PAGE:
On Friday, Jan. 22, the Illinois High School Association (IHSA) announced that all sports may begin their seasons in phase 4 of Illinois’ COVID-19 protocol. This means high-risk sports such as football and basketball can begin games against other schools also currently in phase 4.
Phase 4 not only allows for restaurants to be open with limited capacity and COVID-19 guidelines like social distancing, schools can resume with high-risk sports that are permitted a 50-person gathering limit.
The schedule released by IHSA for all sports includes five to six week seasons of practices and games. For sports like basketball, however, games cannot be played until seven practices have been held. There will also be no state series for basketball, nor football, but there will be other various game opportunities.
This is a game-changer for high school sports because some teams have had their season postponed since the fall. These sports include Boys Soccer, Girls Volleyball, wrestling, basketball, and football. With phase 4 guidelines, these sports can return and athletes can participate in games.
Basketball has already begun, and the season ends March 13, leaving basketball with a six week season. Football begins March 3, with games starting March 19 and ending April 24. Games may be against schools including Plainfield North, West Aurora, Minooka, and others. Although the season is shorter, athletes and coaches are just glad to have a season at all.
“All of our coaching staff and I’m assuming our kids… are pretty excited but since the world has drastically changed, I guess cautiously optimistic is what everyone seems to be,” Varsity Football Head Coach Brian Cooney said.
While high school sports are returning to OHS, many aspects will be vastly different. COVID-19 guidelines such as temperature checks, face masks, questions regarding COVID-19 exposure and symptoms, and the implementation of as much social distancing as possible has helped to ensure a safe return to sports.
“The process of coming into the game will look quite a bit different because of the symptom checks,” Athletic Director Darren Howard said.
In addition to these guidelines, spectator limits are different.
“Initially, it’s probably just going to be the parents of the players, the number 50 fills very quickly…we’re doing a lot of the upfront work to make sure that what we do is going to be safe for our kids, our coaches, and for the people attending the events,” Howard said.
Along with spectator guidelines, halftimes are also different. A usual halftime for basketball would consist of all the players standing close to each other while the coach speaks, but this does not allow for enough social distancing, so a new plan has been put in place.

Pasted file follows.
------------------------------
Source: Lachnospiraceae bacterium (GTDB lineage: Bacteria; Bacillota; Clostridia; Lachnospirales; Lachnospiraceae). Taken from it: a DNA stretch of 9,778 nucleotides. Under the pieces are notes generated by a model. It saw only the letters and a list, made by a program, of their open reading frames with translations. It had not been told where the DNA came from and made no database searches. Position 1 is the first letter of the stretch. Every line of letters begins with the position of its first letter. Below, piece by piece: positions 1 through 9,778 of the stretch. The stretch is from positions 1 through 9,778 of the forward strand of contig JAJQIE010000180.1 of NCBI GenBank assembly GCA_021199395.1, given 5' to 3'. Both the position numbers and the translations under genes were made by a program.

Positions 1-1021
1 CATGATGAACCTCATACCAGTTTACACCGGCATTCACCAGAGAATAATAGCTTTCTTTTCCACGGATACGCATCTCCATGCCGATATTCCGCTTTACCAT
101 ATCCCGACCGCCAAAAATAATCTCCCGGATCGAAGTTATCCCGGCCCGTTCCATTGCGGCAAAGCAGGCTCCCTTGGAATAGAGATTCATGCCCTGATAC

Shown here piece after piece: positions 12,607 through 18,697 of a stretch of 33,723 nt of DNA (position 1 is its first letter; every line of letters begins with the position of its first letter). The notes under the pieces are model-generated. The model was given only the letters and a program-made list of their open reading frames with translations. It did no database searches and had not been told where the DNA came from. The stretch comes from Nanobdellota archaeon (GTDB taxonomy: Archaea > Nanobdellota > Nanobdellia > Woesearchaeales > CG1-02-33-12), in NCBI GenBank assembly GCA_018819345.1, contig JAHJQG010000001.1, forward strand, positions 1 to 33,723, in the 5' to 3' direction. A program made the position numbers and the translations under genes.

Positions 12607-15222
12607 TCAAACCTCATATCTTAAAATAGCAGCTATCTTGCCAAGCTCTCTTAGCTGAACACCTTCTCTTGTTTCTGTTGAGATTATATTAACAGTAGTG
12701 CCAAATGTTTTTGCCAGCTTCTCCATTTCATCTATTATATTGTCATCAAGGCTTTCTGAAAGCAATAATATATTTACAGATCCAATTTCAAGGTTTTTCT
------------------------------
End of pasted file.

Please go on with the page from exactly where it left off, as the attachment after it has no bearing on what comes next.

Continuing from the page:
“At halftime, the teams will exit out behind, through the wall towards [the athletic] office,” Howard said. “Then they will go opposite directions down the hallway, because [that] side of the school will be closed off. Fans will only be allowed on the far side . We won’t be using locker rooms.”
On the matter of refereeing games, this will also be different than in past years because of COVID-19.
“Referees will wear masks, except for when they are actually officiating the game, then they’re allowed to remove those because they have to use their whistles,” Howard said.
The stands used to be packed when playing certain home games, but that can not happen this year because it is currently unsafe to have large group gatherings. This may affect the atmosphere surrounding sports like basketball and football.
“Sometimes in our gym for a basketball game when we’re playing [Oswego] East, we have 2,300 people in that gym,” Howard said. “For home basketball games right now, you might have one hundred with everybody included.”
This also means that events at football games like dance, cheer, and band may look different, as well as change the look of high school football games.
“When it’s all said and done, they’ll be playing football to play the game on the field and be a part of the team,” Cooney said.
College and professional sports games have paved a way for high school sports to safely return, as well. Things like more frequent water breaks and the attendance of fans at a basketball game, specifically, will look different but similar to a new normal for sports.
“In basketball for example, as we’ve seen on TV, the college games and the pro games— Our games will look somewhat like that,” Howard said. “We’ll also have stickers on certain seats in the bleachers for the very limited amount of fans we’re going to have.”
Changes in sports due to COVID-19 are not just limited to games, though. Coaches have put efforts toward ensuring athletes stay healthy by adjusting practice plans to allow social distancing and still keep sports fun and beneficial.
“The biggest obstacle for any high school coach is to keep kids together who want to be together and want to communicate because of the camaraderie that comes with sports, clubs, and activities,” Cooney said. “Now we’re telling them ‘you can do it, but you gotta keep that 6 feet distance’… if we want to play, I think it’s a price everyone is willing to pay.”
Overall, the consensus is that the adjustments that are being made to ensure the safety of all are worth the expense of having sports look different.
“At this point, it’s a little bit of blessing just to get to play, and if they get the opportunity to come out and play, I think it would be great for the community,” Varsity Girls Basketball Head Coach John Carlson said.